The $600 per week in federal unemployment benefits that were helping more than 450,000 jobless Louisianans – many with little or no savings to fall back on – have officially expired. Unless Congress can agree on a new round of relief funding to replace those payments, help state and local governments plug budget holes and shore up public school funding, things will soon get much worse. Nola.com | The Baton Rouge Advocate’s Bryn Stole reports:
The now-expired $600 federal boost to benefits injected a total of as much as $270 million each week into the Louisiana economy. “It’s an enormous income loss that has started now,” said Jan Moller, executive director of the Louisiana Budget Project, a left-leaning nonprofit that advocates for working Louisiana families. “There are not half a million jobs for people to go back to. Not even remotely close.”
Congressional leaders and administration officials negotiated throughout the weekend, but The New York Times’ Emily Cochrane reports that the sides remain far apart on several key issues. Democrats remain united behind a $3 trillion relief measure passed months ago, but Republicans are in disarray.
(A)t least 20 Senate Republicans are unlikely to support any additional spending, party leaders have acknowledged, in part because of concerns over the level of spending and its effect on the national debt. Under a $1 trillion plan Republicans unveiled on Monday — a narrower proposal than the Democrats’ plan — a number of provisions, including the $600 weekly federal unemployment benefit, would be severely curtailed.
Gov. John Bel Edwards’ top priority seems to be the state’s unemployment insurance trust fund, which had a $1.1 billion balance before the pandemic but is now scheduled to run out of cash by mid-September. The AP’s Melinda Deslatte reports:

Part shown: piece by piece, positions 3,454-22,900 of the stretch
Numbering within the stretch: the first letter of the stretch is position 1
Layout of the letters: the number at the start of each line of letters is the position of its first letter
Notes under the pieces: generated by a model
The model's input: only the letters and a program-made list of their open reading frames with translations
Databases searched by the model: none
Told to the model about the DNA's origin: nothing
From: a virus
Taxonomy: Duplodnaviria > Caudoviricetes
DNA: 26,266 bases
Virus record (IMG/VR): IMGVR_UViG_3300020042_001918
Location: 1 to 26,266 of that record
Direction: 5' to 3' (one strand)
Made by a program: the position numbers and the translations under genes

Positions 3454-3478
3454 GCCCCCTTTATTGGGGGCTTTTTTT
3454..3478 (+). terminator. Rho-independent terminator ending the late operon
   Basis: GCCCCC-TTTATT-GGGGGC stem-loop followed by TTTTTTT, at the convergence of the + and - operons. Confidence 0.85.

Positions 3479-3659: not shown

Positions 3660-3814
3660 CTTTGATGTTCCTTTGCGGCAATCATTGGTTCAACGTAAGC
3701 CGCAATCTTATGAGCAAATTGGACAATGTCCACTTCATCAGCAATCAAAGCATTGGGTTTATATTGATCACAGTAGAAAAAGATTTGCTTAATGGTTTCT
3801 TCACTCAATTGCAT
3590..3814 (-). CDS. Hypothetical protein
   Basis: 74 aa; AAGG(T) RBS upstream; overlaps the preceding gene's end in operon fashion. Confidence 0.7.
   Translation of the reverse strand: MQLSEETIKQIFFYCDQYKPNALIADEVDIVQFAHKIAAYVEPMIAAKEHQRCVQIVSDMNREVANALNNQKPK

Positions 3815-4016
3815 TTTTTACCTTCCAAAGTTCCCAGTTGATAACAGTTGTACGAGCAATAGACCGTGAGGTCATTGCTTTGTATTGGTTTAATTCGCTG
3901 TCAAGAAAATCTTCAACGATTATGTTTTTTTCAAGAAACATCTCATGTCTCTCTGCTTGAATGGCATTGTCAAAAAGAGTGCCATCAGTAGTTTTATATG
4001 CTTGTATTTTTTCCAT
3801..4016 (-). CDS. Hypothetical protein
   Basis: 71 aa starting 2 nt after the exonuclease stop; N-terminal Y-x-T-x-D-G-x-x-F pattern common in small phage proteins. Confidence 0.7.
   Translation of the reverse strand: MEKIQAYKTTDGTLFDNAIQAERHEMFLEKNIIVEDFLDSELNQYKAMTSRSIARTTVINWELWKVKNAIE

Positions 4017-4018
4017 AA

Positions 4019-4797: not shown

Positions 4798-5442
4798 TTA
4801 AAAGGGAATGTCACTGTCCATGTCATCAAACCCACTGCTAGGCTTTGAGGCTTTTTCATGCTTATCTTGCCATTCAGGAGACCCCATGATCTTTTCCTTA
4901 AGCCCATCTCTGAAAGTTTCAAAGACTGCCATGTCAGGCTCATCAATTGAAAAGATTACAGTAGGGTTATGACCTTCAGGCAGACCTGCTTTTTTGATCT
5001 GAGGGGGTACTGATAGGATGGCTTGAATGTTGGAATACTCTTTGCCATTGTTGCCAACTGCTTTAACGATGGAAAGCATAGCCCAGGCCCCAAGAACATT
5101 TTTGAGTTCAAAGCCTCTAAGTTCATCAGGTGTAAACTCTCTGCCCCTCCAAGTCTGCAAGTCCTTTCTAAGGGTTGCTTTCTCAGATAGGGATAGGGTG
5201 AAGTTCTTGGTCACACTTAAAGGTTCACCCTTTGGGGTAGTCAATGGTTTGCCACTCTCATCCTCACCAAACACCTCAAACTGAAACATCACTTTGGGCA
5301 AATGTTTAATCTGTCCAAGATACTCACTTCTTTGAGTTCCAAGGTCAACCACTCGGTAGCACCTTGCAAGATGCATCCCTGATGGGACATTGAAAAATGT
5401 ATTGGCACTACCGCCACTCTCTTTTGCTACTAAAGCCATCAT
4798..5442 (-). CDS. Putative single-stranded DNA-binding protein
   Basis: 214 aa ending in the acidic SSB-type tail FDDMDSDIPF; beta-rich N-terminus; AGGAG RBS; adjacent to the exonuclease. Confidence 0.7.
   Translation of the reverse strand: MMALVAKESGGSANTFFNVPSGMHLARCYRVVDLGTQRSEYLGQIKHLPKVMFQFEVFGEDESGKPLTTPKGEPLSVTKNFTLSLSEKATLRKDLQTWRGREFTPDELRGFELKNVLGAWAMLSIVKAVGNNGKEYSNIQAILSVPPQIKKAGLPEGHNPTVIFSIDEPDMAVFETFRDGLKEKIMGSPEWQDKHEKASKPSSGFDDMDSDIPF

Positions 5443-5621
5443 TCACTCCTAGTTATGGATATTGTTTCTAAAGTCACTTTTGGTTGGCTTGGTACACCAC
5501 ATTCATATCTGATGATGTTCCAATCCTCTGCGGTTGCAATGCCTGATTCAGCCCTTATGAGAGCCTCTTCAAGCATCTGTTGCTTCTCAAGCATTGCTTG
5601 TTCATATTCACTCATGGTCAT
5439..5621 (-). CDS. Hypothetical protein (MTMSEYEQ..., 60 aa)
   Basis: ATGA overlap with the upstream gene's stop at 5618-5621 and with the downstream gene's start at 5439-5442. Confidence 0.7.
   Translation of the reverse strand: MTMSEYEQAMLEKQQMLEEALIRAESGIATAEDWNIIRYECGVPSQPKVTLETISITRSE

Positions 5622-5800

Draining the trust fund doesn’t stop benefits flowing to unemployed Louisiana workers. But it will trigger undesirable spillover effects as the state and national economies are struggling. Weekly benefit payments will drop in a state that already has one of the lowest unemployment payouts in the country. Taxes charged on businesses to finance the payments will grow higher, even as many businesses are struggling because of the pandemic. And Louisiana will have to borrow money from the federal government to keep paying benefits, which is expected to be repaid through surcharges on businesses.
Fighting back against environmental racism
Black Americans, regardless of income levels, are exposed to higher levels of pollution than white people, which makes them more likely to suffer from pollution-related ailments such as asthma and heart disease. But Black people have often been excluded from the mainstream environmental movement. That’s starting to change in communities like the Grays Ferry neighborhood in South Philadelphia, where people are waking up to the health threats posed by a nearby refinery. The New York Times’ Linda Villarosa reports:
The community of Grays Ferry, still more Southern than Northern, is full of people bound together by history, memories, struggle, dreams, blood, love and death. These residents may have landed there because of options limited by the structural discrimination created by redlining. But even as they pray for the sick and count their dead, they have stayed.